Floods

Overview

Floods are far and away the most common natural disaster worldwide and account for the most deaths. The deadliest disaster of the 20th century was the China floods of 1931, which by many accounts resulted in more than a million deaths.

In the United States, floods account for more deaths than any other natural disaster; resulting in more loss of life and property than other types of hazards and severe weather events. This is due to the multifaceted nature of flood events. For instance, the US Eastern and Gulf coasts are particularly vulnerable to storm surges from hurricanes, while the Northeast and North Central U.S., and some areas of the Western U.S. are more susceptible to excessive rainfall, snow/ice melt, and dam failures. In Alaska the Upper Midwest and other areas, river ice jams can also cause severe flooding.

Recent studies have highlighted how local investments in simple flood preparations often experience 70% less property damage when flooding occurred. But achieving such benefits on a global scale requires full understanding and characterizations of flood exposure. NASA’s Disasters Response Program, combined with its fleet of Earth Observing satellites, is helping scientists and decision-makers improve prediction of, preparation for, response to, and recovery from flood disasters.

Our Agency’s flood preparedness and response capabilities include satellite observations, data systems, and modeling capabilities divided into two core areas:

  1. Global Flood Prediction and Warning (weather prediction coupled with increasingly accurate satellite observations and hydrological models):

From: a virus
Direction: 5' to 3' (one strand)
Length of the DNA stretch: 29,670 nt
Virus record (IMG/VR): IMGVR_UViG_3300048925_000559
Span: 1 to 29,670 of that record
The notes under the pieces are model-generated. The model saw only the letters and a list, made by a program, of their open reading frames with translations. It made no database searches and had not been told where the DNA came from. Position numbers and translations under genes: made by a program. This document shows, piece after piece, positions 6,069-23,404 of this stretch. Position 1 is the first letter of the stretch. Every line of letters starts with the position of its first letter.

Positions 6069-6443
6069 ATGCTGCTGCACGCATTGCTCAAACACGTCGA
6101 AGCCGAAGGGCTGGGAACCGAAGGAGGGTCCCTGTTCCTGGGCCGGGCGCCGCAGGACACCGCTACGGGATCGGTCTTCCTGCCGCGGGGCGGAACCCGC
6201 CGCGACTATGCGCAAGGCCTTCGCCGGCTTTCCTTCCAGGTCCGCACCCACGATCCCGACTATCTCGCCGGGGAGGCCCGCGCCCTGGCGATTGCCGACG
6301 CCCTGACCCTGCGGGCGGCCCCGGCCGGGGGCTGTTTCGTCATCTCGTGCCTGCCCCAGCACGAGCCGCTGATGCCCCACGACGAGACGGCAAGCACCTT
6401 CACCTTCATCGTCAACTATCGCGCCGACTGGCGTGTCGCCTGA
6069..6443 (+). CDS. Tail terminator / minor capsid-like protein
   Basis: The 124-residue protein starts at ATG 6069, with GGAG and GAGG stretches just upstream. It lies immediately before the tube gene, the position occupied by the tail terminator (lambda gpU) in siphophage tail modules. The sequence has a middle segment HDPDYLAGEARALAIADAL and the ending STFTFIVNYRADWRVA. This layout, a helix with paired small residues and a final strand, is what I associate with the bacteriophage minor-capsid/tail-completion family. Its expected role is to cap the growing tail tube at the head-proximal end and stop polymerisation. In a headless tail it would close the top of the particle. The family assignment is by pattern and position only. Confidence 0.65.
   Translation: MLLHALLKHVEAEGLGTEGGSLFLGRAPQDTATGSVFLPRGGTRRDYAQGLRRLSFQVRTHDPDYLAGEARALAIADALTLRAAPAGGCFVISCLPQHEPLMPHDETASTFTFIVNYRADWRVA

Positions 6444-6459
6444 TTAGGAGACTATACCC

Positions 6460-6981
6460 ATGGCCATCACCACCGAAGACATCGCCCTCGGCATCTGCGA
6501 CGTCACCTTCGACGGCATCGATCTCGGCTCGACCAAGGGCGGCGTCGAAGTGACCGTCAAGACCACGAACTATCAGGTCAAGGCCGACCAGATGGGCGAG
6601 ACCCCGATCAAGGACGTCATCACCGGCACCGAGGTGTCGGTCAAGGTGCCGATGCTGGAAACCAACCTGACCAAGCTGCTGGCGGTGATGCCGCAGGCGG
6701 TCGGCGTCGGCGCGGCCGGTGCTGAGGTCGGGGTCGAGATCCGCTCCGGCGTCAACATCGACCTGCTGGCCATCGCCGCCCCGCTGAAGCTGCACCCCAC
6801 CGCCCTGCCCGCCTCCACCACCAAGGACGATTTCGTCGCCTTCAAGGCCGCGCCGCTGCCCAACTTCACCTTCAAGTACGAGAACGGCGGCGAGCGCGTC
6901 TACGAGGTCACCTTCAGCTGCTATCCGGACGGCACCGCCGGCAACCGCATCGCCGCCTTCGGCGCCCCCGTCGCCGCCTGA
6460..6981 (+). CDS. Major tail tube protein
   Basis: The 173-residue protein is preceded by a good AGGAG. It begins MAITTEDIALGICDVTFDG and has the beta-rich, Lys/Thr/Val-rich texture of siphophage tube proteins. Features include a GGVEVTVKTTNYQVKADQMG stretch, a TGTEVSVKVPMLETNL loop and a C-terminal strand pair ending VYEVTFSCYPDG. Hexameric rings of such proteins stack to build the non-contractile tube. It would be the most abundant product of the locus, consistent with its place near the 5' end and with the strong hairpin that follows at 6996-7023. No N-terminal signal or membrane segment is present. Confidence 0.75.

2. Global Flood Mapping and Damage Assessment (from the observed satellite time series record of flood events, and also from modeling):
 

Latest Updates

August 15, 2016
Suomi NPP VIIRS Day-Night Band Detects Power Outages
The NASA GSFC Disaster Team utilized a new algorithm for producing night time optical data, which was used as one of the assets for assessing impact of the Louisiana floods at the request of FEMA. In this case, the data was used for determining power outages as a means of mapping impact zones. (NASA Direct Readout Lab).   Top: During flood event, Aug 15th, 2016; Bottom: Before event, May 7th, 2016. A similar product developed by NASA MSFC to difference...
October 23, 2015
Hurricane Patricia as seen from the International Space Station on Friday afternoon, October 23, 2015
The ISS sees Hurricane Patricia.  Hurricane Patricia as seen from the International Space Station on Friday afternoon, October 23, 2015   Wind speed and direction near the ocean surface, as measured on October 23 by the ISS-RapidScat. Brighter shades of blue represent stronger surface winds.

Pages